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Unformatted text preview: Q13
Q9 Q57
Q1113 CHAPTER 3
Section 3.1, pp. 168–170 Solutions to Odd Number Problems
1. Answers may vary.
a) strong positive correlation
b) moderate positive correlation
c) weak negative correlation
d) zero correlation
e) weak positive correlation
3. a) b) hours studied versus exam score
moderate positive hours watching TV versus exam score
moderate to strong negative c) The hours spent watching TV has a stronger correlation with exam scores since
there is less scatter among the data points.
d) r = 0.7548 r =  0.8784 These correlation coefficients support the answer in part c).
Top 5. a)
This appears to be a weak negative linear
correlation. b) r =–0.61
c) The computed rvalue agrees with the classification in part a).
d) The point (1, 2) is an outlier.
e) Answers may vary. Karrie may have worked only part of last year.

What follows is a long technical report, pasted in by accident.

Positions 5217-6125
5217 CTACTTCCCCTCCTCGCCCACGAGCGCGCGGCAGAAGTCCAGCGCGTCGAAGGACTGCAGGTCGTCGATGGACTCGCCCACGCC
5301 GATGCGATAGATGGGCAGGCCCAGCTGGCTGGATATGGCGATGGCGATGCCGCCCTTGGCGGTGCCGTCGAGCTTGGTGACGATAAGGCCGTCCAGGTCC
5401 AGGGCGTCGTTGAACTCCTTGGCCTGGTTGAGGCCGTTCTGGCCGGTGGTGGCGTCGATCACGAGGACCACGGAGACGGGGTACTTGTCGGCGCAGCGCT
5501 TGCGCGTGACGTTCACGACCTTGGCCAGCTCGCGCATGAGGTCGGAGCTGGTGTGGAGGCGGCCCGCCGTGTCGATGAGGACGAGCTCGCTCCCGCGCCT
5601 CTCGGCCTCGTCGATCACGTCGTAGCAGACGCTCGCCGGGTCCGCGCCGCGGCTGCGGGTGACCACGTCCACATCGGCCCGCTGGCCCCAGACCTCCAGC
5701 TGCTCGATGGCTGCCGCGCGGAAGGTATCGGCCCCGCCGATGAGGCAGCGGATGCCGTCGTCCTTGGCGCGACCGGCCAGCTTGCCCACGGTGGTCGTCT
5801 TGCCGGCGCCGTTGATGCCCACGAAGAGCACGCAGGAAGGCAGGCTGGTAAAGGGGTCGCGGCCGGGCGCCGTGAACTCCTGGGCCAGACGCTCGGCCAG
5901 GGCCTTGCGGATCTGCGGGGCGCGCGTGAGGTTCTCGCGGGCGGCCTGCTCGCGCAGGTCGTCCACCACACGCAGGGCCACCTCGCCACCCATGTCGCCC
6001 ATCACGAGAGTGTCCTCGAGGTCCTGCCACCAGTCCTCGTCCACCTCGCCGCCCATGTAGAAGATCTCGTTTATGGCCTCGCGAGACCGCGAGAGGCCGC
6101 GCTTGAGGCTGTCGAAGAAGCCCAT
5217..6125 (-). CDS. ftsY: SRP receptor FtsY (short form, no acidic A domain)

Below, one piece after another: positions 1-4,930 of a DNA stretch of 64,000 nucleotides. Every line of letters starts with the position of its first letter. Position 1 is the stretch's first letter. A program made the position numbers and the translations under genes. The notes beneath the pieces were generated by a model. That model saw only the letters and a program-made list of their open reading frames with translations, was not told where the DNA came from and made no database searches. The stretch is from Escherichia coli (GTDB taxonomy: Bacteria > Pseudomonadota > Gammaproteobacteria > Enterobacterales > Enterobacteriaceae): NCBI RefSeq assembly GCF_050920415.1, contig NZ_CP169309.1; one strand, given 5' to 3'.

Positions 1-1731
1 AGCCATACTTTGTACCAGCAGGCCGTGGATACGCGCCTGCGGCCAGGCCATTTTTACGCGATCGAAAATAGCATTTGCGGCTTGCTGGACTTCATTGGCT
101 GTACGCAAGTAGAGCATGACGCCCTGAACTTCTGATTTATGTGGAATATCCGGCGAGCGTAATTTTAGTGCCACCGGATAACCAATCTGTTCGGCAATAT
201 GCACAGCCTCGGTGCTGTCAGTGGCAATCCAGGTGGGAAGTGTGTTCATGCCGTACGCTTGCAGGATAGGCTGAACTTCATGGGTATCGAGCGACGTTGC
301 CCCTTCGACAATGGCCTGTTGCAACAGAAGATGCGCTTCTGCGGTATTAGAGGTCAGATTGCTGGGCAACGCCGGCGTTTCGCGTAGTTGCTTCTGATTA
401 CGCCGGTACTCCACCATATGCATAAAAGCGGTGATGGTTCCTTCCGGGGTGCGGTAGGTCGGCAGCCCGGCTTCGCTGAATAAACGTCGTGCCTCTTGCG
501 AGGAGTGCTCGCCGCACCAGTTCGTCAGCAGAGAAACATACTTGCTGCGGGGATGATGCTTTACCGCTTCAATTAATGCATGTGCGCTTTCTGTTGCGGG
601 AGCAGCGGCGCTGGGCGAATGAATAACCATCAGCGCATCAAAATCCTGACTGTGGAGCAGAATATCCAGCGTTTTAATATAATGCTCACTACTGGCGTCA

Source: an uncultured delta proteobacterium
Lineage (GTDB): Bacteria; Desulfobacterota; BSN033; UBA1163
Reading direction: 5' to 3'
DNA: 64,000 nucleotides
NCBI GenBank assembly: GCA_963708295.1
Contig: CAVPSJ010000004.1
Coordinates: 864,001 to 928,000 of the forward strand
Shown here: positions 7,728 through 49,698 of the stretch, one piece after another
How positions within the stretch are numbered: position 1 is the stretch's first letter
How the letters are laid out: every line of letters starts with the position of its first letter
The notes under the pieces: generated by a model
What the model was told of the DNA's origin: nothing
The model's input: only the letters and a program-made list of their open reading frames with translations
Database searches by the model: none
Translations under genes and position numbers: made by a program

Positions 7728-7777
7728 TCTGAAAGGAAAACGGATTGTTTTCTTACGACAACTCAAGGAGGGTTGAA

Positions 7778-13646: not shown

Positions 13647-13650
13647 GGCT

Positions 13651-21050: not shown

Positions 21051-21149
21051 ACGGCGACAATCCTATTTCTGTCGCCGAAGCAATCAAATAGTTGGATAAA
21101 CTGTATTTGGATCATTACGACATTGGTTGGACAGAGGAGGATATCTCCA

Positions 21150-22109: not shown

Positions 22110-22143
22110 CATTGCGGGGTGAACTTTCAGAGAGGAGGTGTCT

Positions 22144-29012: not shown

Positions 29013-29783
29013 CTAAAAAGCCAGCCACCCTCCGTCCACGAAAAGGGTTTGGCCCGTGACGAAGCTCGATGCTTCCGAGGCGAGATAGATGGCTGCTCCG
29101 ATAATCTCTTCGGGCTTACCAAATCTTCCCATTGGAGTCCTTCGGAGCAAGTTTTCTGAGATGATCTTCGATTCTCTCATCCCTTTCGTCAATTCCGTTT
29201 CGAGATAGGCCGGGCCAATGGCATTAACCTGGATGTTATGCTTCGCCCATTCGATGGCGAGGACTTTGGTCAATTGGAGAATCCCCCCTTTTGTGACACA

7. a) b) This appears to be a moderate to strong positive linear correlation.
c) r = 0.765
Top 9. a) Data with a perfect positive linear correlation have a correlation coefficient of
1. Data with a perfect negative linear correlation have a correlation coefficient
of –1. Answers may vary.
An example of a perfect positive linear correlation is the number of chocolate bars
purchased versus the price paid. An example of a perfect negative linear correlation is the amount of fuel remaining in
the fuel tank versus the number of kilometers driven at a constant speed on a level
highway. Top 11. Answers may vary.
a) To make the data look better for the Rogers
Method, Rogers can adjust the scales so that their
data look as if there is a strong, positive correlation,
while the Laing data appear as if there is little
correlation. b) Laing could adjust the vertical scale and horizontal scale so that the Rogers data
graph looks flat. c) A calculation of correlation coefficients and a plot of both data sets on the same
graph will reveal the true comparison of the two methods.
13. Answers will vary.
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 Spring '10
 Mr.M
 Correlation, Correlation and dependence, Pearson productmoment correlation coefficient, Spearman's rank correlation coefficient

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